The Kansas Department of Transportation is reducing the exchange rate offered to local jurisdictions from 90 cents on the dollar to 75 cents for road projects financed through its Federal Fund Exchange Program.
The previous exchange rate did not fully take into account the match requirement KDOT needed to pay to use the federal funds if local public agencies chose to exchange them for state dollars, said KDOT spokeswoman Brianna Landon.
“After a review of the FFE program, it has been determined that the new exchange rate is necessary in order for KDOT to administer the FFE sustainably, without it costing the agency more to provide the exchange than the amount of federal funding received in the first place,” she said.
The change should add $150,000 to $200,000 a year to Shawnee County’s annual costs to do projects it carries out using the exchange program, provided the county continues with its standard practice of doing $1 million to $1.2 million worth of such projects annually, Shawnee County public works and solid waste department director Tom Vlach said this past week.
The move takes effect Oct. 1, the first day of the federal fiscal year, Vlach told county commissioners Bob Archer, Kevin Cook and Shelly Buhler Thursday.
KDOT representatives plan to schedule meetings with their local partners around the state to provide more details about the change, Vlach said.
KDOT has also decided to no longer permit the “banking” of federal or state funds in the program, according to a letter Vlach received last month from Michael J. Stringer, the chief of KDOT’s bureau of local projects.
After re-evaluating the program as it was originally established in the 2011 federal fiscal year, KDOT had determined the need to adjust its guidelines, Stringer wrote.
Commissioners voted 3-0 Thursday to acknowledge KDOT had notified them of the changes.
The commission voted in March to exchange the county’s 2017 allotment in federal transportation funds for state transportation project funds totaling nearly $1.14 million, which was 90 percent of the federal amount.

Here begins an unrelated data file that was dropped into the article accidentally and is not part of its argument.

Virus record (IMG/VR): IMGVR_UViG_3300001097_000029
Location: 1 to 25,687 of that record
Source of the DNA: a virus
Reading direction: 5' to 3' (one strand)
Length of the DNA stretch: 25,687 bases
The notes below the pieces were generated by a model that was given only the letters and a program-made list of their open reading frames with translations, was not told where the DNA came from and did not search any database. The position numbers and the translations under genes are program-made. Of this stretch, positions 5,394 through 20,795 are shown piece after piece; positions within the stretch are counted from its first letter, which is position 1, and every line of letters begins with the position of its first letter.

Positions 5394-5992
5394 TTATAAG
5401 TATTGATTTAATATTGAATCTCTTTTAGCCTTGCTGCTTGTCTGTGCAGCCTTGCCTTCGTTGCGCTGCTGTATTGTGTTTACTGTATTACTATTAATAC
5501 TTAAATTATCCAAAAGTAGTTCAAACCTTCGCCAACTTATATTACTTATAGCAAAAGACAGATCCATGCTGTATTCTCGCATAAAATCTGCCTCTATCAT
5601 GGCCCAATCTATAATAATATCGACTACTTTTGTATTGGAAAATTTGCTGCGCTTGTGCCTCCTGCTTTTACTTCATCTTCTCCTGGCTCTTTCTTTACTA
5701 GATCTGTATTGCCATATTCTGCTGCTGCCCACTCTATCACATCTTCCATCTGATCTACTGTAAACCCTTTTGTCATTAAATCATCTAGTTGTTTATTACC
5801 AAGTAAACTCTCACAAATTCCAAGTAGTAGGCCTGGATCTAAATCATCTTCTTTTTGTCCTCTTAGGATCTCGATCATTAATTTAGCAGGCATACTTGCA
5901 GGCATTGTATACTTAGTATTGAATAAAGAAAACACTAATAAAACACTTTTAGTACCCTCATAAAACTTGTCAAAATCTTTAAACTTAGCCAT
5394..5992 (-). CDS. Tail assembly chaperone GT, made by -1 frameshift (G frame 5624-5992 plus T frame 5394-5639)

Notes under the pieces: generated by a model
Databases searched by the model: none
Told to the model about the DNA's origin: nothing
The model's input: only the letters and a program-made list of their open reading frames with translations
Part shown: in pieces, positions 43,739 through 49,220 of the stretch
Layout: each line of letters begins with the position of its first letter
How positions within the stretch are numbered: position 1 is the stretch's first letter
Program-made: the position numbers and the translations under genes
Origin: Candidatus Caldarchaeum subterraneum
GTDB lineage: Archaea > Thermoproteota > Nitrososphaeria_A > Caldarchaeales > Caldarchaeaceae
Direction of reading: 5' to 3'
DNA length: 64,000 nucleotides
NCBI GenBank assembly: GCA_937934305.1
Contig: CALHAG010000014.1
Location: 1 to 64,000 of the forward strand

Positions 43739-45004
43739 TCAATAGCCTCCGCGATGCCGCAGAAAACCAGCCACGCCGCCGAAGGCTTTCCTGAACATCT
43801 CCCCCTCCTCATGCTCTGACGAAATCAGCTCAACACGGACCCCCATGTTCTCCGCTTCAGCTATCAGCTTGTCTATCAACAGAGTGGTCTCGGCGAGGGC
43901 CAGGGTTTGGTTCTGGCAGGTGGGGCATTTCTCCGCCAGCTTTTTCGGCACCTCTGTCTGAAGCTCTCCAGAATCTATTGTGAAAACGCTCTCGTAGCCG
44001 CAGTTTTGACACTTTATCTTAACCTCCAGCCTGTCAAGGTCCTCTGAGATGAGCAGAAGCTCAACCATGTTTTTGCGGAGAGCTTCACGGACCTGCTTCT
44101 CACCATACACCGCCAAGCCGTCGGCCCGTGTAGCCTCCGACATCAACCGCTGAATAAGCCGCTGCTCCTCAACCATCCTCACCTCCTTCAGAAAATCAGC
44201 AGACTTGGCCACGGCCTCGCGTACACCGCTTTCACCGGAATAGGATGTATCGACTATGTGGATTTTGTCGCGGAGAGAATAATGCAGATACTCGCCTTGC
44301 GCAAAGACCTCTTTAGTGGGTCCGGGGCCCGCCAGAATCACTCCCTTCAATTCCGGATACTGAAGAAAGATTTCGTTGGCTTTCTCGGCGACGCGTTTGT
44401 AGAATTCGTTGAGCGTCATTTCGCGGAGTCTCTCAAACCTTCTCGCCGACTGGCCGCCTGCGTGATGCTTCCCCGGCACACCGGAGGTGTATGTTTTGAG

The county benefits from having the state funds instead of the larger federal fund amount because the federal funds require a local match — while the state funds do not — and the federal funds also come with a lot more “red tape,” Vlach told commissioners.
He said he was “not quite convinced” of KDOT’s assertion its administrative costs were greater than the 10 cents per dollar needed to maintain the program at its past funding level.
Landon said the new exchange rate still provides local agencies with access to funds they would not otherwise have, without burdening them with federal obligations.
She stressed KDOT voluntarily offers the program; it isn’t statutorily required to share federal funds or offer a chance for local agencies to exchange them for state money.
KDOT provides the program to help local governments meet their communities’ needs because it is committed to maximizing opportunities for transportation improvements across the state, Landon said.
She said federal funds come with specific requirements for how they can be used, meaning local public agencies can only spend them on approved federal aid routes and projects.
“However, those approved routes may not be the areas that meet local needs and priorities, or the federal regulations tied to those dollars might make a project too expensive,” Landon said.
The federal money also comes with a match requirement that local agencies must meet in order to use it, she said.
“(Local agencies) can still choose to use the federal money if they wish and receive the full amount, or they can request state money in place of the federal funds and KDOT will administer the federal funds for projects instead,” Landon added. “In the latter case, KDOT must then also meet the federal match requirement with state dollars.”
Vlach told county commissioners Thursday he thinks using the state funds result in lower bid prices and less construction administration costs for Shawnee County.
He said he’ll likely evaluate on a year-by-year basis whether to exchange the federal funds for state money, adding he might go back to just using straight federal funds instead of exchanging them.
Contact reporter Tim Hrenchir at (785) 295-1184 or @timhrenchir on Twitter.